7:10 am
escalating, insisting that the islands in the japanese territory and the claim that turkey calls its northern territory. >> they did not fly where i went to one holiday. orion air, one of the big topics of the day. lots and lots of us, talking about europe's largest airline passenger numbers. people love to hate this airline, but they keep flying. in the first six months of this year of profits were on the screen, $675 million off the back of an increase in passenger numbers. in the first six months of this year they issued more than 14
7:11 am
million passengers. these are numbers that other airlines would give their full right arm for. earlier last week we saw british airlines returning to a profit for the first time in two years. today the emirate's quadrupled its profits. given the understanding of profit returns, i ask the ceo if we have seen the end of the airline recession. >> if you are the lowest price provider, we will grow stronger in this recession. you are seeing other airlines reporting stronger numbers but only by comparison to the numbers last year. in the industry has been split in two brien air is continuing
7:12 am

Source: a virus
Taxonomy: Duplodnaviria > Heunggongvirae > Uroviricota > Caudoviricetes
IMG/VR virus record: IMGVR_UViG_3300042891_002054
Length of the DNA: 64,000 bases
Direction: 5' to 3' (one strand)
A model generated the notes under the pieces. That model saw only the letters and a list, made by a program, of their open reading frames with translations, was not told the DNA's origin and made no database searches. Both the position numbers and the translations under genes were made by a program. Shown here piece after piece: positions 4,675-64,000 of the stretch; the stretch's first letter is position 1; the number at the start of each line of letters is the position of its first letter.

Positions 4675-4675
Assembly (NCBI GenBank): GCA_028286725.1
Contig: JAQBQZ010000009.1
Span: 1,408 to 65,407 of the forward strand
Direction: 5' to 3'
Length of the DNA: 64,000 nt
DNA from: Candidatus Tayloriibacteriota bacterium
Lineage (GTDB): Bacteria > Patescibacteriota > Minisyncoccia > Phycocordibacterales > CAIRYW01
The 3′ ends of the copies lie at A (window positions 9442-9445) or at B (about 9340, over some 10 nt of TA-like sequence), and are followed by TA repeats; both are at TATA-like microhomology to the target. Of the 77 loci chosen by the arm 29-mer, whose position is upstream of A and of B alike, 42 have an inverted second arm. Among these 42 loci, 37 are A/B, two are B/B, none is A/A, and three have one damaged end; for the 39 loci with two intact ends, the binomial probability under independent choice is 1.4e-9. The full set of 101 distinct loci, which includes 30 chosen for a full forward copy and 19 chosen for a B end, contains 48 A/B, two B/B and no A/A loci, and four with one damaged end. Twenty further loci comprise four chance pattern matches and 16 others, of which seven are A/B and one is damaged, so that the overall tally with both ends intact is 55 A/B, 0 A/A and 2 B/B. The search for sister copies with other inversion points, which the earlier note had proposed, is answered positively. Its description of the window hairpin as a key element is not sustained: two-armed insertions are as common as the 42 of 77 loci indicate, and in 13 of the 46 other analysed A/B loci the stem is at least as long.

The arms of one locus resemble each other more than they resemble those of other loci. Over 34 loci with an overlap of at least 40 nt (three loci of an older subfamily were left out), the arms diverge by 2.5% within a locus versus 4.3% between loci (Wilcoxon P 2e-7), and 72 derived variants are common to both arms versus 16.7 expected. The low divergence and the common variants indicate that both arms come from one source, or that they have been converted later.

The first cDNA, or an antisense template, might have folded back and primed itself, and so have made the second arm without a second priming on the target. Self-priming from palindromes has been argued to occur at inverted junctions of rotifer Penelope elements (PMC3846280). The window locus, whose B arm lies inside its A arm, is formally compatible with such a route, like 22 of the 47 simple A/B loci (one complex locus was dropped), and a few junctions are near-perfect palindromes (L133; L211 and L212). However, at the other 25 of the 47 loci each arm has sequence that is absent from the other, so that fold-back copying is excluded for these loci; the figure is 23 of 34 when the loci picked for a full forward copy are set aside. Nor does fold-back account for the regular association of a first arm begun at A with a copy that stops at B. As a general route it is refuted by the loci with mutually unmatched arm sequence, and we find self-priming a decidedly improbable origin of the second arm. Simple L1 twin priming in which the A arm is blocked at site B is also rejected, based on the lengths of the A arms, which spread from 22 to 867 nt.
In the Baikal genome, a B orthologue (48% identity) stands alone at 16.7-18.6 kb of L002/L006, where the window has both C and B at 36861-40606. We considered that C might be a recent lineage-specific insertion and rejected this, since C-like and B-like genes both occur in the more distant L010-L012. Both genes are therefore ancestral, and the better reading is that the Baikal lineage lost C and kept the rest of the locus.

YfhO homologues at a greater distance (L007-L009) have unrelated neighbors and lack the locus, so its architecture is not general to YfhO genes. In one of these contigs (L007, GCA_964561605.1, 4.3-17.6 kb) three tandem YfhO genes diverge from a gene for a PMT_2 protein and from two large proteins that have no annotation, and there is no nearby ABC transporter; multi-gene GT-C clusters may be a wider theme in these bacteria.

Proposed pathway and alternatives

to show traffic growth. our model is the one that works and will continue to work in the future. people longer want to be ripped off. >> but it will cost us all more to fly from the uk? >> it is official. these air passengers rates developed, giving the u.k. some of the highest air passenger taxes in the world. in some cases you will see increases of 50%. the biggest bands dealing the more expensive, capital city furthest away from the u.k., meaning the he could fly to, say, hawaii, cheaper than you could fly to the caribbean. >> i cannot afford to go to either of those places. [laughter]
7:13 am
here is a challenge. how do you count over 1 billion people and not miss any? of 6 million workers have started a nationwide effort to determine the population and they have only 10 days to count all of the chinese citizens. >> 1 billion people on the move, this is a country that is traveling fast. and it happens right in front of your eyes. every week there are new roads. new problems. people think that everything changes. over the next 10 days there will be a call at every door in the land as workers make their way across. asking questions that they will not ask, people's income in
7:14 am
religion. things that china turns a blind eye to. for the first time the bulk of the massive group of migrant laborers. -- for the first time they will count the massive group of migrant laborers. >> i am happy. china needs to know how many people are in its city. but we need official residence. >> in the next 20 years another 300 million chinese are expected to migrate from the country to the city. we will get a snapshot of a nation in transition, furiously becoming urban, changing faster than any other in human history. i know will try to contain its vast population.